The German wine industry is to expand as far north as Sylt, an island just 10 miles west of Denmark.
According to the German Wine Institute, the new 10 ha (hectare) wine area has been created in the Schleswig-Holstein region, on Sylt an island better known for its luxurious tourist resorts.
It becomes Germany’s northernmost wine area.
‘Until now vineyards in Mecklenburg-Vorpommern along the Elbe River [north-east Germany] counted as Germany’s northernmost vineyards,’ said a statement from the German Wine Institute (GWI).
According to GWI spokesman Frank Schultz, the vineyards on Sylt will mostly consist of the Müller-Thurgau variety.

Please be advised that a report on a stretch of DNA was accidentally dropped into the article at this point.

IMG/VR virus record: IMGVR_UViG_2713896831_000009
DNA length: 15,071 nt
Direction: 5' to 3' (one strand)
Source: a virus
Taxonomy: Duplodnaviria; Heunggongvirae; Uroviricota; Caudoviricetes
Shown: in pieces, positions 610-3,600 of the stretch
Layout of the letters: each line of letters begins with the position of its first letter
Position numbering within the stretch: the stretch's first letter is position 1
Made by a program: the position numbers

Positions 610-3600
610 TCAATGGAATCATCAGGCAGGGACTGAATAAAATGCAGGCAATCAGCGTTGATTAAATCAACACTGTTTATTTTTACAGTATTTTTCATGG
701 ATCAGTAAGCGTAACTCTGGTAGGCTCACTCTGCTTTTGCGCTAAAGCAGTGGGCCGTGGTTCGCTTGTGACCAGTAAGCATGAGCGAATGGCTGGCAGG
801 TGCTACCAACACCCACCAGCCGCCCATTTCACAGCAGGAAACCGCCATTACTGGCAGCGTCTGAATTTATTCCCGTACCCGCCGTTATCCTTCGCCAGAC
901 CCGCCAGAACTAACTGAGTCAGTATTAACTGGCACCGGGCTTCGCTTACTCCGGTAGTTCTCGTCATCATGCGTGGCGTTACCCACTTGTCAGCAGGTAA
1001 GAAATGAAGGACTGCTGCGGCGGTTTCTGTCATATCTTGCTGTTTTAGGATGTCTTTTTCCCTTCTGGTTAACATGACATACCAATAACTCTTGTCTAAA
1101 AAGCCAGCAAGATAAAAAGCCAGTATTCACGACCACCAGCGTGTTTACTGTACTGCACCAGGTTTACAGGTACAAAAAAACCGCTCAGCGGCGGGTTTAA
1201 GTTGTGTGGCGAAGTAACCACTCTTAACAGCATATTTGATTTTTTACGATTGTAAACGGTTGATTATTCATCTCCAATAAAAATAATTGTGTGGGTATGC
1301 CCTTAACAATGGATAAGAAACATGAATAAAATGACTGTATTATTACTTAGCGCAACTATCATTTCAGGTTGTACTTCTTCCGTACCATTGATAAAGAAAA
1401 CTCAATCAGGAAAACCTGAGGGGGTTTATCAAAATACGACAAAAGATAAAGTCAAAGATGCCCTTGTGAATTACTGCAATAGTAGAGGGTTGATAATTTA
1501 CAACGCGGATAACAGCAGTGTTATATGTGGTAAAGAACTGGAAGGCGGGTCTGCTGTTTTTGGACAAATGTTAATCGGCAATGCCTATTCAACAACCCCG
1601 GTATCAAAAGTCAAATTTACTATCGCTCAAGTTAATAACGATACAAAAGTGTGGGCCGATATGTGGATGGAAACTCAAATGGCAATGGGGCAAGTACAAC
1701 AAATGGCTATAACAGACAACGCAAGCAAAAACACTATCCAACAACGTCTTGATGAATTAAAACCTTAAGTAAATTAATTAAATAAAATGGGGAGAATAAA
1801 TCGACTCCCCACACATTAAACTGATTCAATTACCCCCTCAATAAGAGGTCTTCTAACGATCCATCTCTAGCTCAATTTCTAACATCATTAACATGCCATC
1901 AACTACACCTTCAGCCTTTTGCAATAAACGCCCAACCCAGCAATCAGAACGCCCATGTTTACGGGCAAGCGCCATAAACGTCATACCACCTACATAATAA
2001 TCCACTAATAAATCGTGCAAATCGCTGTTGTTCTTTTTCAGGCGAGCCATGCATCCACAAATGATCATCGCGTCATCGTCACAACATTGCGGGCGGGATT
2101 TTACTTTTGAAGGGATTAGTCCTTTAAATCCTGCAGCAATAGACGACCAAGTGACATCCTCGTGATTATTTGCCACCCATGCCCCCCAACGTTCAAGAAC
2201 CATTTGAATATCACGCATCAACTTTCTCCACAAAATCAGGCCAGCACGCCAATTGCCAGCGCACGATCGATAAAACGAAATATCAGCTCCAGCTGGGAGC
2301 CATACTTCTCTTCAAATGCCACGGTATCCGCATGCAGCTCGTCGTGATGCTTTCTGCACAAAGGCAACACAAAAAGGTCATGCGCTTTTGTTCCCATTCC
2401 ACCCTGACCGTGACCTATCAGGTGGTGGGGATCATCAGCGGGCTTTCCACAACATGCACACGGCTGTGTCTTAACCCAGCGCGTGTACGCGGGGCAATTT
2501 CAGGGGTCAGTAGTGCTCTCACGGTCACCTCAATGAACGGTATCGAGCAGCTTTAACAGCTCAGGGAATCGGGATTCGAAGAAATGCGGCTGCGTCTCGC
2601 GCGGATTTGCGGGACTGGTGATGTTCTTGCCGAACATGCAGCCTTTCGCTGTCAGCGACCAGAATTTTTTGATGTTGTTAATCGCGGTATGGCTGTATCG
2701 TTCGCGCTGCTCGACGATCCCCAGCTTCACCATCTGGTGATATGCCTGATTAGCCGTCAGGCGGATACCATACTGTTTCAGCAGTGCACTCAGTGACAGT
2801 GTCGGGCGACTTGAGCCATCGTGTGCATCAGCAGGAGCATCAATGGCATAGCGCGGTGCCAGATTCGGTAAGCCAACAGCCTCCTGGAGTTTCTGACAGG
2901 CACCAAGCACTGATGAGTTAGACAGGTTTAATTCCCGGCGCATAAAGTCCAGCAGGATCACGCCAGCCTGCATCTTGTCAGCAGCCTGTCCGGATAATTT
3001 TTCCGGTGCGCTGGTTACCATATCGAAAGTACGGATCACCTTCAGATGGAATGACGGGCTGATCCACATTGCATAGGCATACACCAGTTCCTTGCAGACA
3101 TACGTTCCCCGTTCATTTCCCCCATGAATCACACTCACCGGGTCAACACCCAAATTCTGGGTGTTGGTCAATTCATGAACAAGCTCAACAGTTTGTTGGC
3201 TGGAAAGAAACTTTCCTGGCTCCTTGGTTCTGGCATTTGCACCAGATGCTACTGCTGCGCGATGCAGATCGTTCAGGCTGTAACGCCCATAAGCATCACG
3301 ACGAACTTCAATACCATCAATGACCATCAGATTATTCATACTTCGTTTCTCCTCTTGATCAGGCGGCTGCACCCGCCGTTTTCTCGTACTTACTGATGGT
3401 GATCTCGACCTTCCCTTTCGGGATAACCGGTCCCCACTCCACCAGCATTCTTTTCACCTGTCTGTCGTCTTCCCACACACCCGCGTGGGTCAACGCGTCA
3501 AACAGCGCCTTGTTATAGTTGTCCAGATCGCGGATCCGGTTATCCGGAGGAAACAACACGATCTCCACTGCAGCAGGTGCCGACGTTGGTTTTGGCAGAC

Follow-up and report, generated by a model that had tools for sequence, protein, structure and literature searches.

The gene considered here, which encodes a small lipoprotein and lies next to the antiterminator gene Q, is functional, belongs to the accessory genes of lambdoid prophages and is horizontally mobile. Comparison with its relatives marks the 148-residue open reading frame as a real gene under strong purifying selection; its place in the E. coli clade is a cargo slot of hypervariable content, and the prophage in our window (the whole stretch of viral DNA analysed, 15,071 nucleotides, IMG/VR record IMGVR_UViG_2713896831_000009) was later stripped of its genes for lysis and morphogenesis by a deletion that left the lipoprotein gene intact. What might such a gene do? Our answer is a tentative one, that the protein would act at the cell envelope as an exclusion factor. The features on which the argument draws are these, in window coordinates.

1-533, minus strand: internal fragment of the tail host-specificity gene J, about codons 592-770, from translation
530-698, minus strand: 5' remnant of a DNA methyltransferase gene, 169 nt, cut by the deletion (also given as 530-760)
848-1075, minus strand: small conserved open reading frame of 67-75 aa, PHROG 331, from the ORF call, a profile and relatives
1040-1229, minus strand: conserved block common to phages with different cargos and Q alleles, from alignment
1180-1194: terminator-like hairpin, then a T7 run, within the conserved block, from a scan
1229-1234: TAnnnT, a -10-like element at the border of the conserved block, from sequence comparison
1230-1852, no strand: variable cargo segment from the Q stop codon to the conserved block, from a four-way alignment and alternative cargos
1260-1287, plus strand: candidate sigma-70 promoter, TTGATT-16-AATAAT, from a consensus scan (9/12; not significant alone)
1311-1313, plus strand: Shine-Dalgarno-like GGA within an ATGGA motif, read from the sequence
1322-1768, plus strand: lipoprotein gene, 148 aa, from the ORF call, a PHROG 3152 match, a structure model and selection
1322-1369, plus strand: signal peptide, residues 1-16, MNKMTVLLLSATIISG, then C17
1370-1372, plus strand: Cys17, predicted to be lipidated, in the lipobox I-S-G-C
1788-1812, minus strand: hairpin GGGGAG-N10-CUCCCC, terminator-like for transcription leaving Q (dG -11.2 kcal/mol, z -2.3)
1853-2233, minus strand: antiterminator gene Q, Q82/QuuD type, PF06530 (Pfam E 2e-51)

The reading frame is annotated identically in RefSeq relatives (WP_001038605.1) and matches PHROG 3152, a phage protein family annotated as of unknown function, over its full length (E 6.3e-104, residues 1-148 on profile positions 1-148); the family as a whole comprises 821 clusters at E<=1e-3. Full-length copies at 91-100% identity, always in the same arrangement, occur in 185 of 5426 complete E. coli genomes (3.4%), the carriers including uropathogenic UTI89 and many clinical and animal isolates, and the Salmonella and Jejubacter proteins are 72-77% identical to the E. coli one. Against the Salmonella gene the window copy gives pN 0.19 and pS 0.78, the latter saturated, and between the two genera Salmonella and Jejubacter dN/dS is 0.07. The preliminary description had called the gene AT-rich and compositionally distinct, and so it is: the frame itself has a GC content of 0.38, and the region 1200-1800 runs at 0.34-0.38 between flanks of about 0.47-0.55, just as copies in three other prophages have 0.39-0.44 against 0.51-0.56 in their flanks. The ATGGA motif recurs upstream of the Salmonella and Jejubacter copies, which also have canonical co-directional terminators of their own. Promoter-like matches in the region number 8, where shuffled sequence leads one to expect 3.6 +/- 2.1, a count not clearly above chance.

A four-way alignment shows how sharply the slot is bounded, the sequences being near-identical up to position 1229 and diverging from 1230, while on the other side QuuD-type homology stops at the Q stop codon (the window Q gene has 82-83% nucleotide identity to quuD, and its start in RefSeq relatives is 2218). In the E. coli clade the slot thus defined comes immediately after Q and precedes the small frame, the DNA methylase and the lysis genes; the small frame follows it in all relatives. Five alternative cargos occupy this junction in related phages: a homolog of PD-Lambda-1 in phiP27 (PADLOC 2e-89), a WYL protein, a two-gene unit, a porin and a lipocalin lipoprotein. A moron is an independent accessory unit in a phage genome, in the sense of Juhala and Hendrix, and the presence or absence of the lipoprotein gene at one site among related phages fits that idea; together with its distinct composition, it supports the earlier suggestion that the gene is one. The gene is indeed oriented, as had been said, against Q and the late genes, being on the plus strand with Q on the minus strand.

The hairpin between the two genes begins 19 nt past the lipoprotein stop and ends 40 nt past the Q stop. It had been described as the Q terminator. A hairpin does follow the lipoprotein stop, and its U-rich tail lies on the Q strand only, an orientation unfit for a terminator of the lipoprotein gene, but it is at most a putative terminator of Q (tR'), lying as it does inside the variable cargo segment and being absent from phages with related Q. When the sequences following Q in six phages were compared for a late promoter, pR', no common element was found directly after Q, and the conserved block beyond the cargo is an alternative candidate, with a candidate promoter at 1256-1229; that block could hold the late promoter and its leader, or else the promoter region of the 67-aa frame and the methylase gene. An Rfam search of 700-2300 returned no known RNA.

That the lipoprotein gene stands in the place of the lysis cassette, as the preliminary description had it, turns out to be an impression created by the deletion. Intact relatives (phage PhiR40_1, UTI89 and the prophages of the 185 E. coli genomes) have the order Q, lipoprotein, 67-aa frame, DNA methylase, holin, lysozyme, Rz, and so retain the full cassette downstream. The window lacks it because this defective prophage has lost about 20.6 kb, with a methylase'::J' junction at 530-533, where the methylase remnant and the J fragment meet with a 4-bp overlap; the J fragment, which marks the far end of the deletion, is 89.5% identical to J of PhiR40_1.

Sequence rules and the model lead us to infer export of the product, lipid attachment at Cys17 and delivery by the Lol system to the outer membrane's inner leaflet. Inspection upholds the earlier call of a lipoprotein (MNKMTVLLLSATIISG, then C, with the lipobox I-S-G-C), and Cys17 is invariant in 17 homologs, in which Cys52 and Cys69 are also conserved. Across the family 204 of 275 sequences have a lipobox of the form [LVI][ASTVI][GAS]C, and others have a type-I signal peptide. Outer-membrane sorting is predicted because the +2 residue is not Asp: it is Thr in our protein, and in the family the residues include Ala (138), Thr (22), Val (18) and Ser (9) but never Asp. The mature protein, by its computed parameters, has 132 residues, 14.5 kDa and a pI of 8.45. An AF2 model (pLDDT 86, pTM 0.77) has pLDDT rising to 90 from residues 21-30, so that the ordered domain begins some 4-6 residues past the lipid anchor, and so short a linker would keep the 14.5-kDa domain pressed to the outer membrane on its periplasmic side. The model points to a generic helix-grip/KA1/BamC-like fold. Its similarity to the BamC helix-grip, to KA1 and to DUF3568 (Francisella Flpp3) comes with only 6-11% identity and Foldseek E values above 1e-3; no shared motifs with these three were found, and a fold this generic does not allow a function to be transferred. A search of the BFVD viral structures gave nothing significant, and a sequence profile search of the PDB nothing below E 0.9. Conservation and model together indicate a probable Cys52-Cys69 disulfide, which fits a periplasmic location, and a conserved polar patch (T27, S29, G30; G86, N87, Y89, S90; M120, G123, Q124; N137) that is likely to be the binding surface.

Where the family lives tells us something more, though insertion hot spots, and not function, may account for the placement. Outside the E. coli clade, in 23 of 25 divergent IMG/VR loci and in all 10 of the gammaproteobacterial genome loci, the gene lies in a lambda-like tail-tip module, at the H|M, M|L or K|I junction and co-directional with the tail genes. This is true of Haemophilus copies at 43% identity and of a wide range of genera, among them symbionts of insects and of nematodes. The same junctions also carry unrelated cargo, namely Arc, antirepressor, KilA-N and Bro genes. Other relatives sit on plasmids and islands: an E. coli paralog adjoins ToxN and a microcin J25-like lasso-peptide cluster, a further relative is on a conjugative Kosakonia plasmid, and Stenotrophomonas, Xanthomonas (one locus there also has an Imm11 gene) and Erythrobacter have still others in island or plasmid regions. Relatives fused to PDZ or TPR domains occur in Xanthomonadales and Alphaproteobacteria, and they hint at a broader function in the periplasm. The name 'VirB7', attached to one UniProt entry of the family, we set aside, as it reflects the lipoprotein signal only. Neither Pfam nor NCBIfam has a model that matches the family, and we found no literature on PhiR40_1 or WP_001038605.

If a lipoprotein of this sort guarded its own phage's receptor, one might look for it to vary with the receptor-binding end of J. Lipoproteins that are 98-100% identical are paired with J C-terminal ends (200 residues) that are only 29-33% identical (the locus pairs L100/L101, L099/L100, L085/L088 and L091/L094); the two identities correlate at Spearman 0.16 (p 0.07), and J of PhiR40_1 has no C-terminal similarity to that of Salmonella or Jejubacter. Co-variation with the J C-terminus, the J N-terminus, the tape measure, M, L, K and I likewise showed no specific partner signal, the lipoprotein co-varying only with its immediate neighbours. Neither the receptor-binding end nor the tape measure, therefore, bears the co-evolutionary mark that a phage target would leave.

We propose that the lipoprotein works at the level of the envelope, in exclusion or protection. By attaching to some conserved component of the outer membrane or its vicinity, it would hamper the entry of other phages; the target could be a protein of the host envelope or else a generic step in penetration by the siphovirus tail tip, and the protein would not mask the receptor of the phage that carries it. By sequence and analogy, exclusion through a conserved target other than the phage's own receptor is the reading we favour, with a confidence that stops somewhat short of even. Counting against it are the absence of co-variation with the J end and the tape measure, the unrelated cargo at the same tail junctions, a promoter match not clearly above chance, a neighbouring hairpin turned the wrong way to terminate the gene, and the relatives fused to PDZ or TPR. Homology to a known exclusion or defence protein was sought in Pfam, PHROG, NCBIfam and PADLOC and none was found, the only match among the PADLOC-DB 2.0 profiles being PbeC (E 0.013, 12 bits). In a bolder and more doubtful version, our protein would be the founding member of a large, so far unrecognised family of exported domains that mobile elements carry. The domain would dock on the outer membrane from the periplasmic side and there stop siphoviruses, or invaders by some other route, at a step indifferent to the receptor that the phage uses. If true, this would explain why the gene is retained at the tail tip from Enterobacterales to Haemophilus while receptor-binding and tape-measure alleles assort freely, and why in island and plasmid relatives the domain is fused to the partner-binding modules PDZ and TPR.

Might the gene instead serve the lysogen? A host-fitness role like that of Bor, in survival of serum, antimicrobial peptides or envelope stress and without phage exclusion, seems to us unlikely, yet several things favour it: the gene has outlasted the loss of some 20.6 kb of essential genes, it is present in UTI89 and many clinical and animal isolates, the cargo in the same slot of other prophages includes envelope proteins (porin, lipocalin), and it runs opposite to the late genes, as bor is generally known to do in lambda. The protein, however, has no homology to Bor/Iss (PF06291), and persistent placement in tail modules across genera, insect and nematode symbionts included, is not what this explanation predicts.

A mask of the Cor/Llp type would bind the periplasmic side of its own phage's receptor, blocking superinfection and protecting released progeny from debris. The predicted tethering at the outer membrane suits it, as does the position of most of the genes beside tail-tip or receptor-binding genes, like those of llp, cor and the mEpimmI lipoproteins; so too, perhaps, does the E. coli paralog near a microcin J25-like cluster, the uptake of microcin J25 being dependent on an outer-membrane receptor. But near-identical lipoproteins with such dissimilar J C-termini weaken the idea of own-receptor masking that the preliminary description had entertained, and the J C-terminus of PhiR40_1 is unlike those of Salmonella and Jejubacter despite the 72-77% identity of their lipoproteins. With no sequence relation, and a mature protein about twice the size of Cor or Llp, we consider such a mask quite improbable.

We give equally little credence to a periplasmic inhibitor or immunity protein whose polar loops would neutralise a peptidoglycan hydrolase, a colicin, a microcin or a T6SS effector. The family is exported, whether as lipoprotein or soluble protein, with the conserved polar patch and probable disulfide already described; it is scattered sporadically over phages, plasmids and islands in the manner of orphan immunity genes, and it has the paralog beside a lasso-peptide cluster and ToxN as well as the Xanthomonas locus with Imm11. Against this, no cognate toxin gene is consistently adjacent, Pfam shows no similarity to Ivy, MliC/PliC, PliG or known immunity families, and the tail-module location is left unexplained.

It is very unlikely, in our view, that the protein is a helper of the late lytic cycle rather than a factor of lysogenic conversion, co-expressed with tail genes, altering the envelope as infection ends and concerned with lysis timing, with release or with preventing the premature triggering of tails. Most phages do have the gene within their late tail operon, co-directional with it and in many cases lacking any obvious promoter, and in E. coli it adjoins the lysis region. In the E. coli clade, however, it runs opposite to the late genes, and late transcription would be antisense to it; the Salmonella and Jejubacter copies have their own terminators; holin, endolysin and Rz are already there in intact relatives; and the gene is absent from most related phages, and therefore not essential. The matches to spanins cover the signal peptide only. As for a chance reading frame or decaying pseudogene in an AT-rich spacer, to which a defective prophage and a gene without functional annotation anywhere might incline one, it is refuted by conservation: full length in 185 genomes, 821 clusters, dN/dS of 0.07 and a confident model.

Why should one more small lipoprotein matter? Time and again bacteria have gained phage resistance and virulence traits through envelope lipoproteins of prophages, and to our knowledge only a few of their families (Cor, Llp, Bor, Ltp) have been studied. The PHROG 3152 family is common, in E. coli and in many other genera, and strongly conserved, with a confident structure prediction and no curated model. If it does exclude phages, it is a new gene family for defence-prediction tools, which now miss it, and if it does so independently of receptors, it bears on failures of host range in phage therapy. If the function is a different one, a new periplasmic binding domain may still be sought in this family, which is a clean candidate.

The grapes will go into the local Schleswig-Holstein Landwein, an appellation similar to the French Vin de Pays. The first bottles will be released between 2011 and 2012.
‘You cannot compare the quality of these vineyards [to the 13 official quality wine growing regions in Germany],’ Schultz told decanter.com.
‘It has less to do with global warming than with marketing – it is not a coincidence that authorisation to make wine was given to Sylt, [it] adds prestige to the island’s reputation,’ he said.
Written by Panos Kakaviatos